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Passenger Ships - 20th Century

The evolution of 19th-century steamships from sail-and-steam hybrids such as the Britannia to the sleek Lusitania and the Mauretania, the greatest of the transatlantic liners, represented the triumph at sea of the "less is more" school of modern architecture. Inside the ships, the 19th-century's caste divisions held sway, the lavish decor of the saloons and smoking rooms contrasting with the squalor of the immigrant berths and the industrial efficiency of the engine rooms.

When the Lusitania and the Mauretania entered the trans-Atlantic service, they proved the theories of which naval architects and marine engineers had dreamed since the mastering of the ocean began - the combination of luxury, size, and speed in one hull. The Cunarders are twenty-iive-knot, four-anda-half-day boats. They are also palaces. And they are so large that when seen from the deck of a smaller vessel or from a point of vantage along the water front they make comparisons with other boats difficult. The Lusitania and her swift sister are 790 feet long, the largest vessels ever built. But their bulk was not the result of a desire to have them immense; for their dimensions were decided upon merely because the great length and beam and depth were regarded as necessary in the production of the speed required, twenty five knots.

All England went wild with joy when the Lusitania broke all ocean records. Germany beaten and relegated to its proper place! For German success meant more than a preponderance of American patronage; it meant the dawn of a sea power to contest with England her dearest possession - trans-Atlantic supremacy. The victories of the new Cunarders, therefore, were events affecting not only two or three steamship lines; they were occasions of international significance. And back of all these facts was the meaning that the swift White Star boats, carrying thousands upon thousands of reserves, had saved to Great Britain the province of Natal in the Boer War.

All England went wild with joy when the Lusitania broke all ocean records. Germany beaten and relegated to its proper place! For German success meant more than a preponderance of American patronage; it meant the dawn of a sea power to contest with England her dearest possession - trans-Atlantic supremacy. The victories of the new Cunarders, therefore, were events affecting not only two or three steamship lines; they were occasions of international significance. And back of all these facts was the meaning that the swift White Star boats, carrying thousands upon thousands of reserves, had saved to Great Britain the province of Natal in the Boer War. The Germans were inspired chiefly by the desire to attract passengers. In other words, they long ago demonstrated to their own satisfaction that a record-breaking vessel is a paying investment. When the Vulcan Shipbuilding Company at Stettin took the development of the reciprocating engine out of the hands of the British and built the swiftest boats, the Hamburg-American and the North German Lloyd companies fought the battle between them until, in the Hamburg boat, the Deulschland, and the North German Lloyd, the Kaiser Willielm II., the evolution of the reciprocating engine practically reached its limit. That was the only reason the two companies did not immediately order vessels to compete with the Cunarders.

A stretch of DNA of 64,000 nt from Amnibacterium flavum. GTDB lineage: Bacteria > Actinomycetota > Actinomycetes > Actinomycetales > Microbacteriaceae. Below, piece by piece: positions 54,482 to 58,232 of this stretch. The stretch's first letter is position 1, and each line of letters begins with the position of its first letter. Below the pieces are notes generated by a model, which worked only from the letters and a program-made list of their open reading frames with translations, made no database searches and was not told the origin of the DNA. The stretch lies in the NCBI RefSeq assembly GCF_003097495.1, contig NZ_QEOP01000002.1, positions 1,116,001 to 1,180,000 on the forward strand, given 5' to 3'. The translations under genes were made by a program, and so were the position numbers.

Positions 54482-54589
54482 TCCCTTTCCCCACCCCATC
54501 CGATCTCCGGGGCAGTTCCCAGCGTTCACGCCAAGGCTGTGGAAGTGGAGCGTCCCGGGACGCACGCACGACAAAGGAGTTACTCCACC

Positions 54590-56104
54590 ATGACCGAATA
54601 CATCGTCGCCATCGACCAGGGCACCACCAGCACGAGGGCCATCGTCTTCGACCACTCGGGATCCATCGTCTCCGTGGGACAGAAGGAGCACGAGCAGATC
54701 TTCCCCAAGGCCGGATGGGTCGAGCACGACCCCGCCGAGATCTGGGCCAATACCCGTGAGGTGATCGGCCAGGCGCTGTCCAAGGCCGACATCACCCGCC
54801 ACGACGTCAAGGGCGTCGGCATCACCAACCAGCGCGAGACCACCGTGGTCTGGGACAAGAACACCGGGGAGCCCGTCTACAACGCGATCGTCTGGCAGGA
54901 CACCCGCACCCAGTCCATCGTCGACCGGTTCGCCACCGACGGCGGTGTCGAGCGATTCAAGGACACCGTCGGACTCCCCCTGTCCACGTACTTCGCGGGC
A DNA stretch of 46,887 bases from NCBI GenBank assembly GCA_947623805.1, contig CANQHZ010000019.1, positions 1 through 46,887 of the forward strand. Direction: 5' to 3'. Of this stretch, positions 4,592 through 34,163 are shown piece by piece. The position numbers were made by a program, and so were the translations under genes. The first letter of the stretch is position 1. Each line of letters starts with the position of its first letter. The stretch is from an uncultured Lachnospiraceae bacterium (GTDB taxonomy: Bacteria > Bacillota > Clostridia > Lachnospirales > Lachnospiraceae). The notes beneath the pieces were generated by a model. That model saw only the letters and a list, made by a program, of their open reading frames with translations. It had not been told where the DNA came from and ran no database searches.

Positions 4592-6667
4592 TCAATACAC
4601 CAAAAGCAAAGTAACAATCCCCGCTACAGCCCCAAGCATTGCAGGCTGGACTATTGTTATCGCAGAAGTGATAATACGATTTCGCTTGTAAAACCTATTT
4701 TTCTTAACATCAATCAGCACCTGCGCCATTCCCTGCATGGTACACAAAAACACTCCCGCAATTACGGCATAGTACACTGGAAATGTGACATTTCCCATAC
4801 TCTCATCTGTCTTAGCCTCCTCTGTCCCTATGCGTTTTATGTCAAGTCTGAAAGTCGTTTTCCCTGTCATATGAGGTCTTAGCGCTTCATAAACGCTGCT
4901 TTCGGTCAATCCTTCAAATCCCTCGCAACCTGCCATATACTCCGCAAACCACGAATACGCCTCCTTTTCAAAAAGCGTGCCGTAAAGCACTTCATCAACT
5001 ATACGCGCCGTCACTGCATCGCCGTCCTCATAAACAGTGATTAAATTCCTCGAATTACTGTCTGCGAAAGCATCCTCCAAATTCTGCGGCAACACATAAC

When the Lusitania and Mauretania were launched, speculation as to the probable development in the size of ocean steamships included the 1,000-foot vessel within the range of possibility. There was no lack of prophets to proclaim the ultimate attainment of this prodigious length, but few to consider it more than the dream of a far distant future. Nearly half the space between the 790-foot Cunarders and the 1,000 foot ship, however, was spanned in the new twins of the White Star fleet, the Olympic and the Titanic. The 882 1/2-foot length of these vessels was exceeded by two or three feet in the Aquitania of the Cunard line, and the 900-foot mark was reached by the Europa of the Hamburg-American line.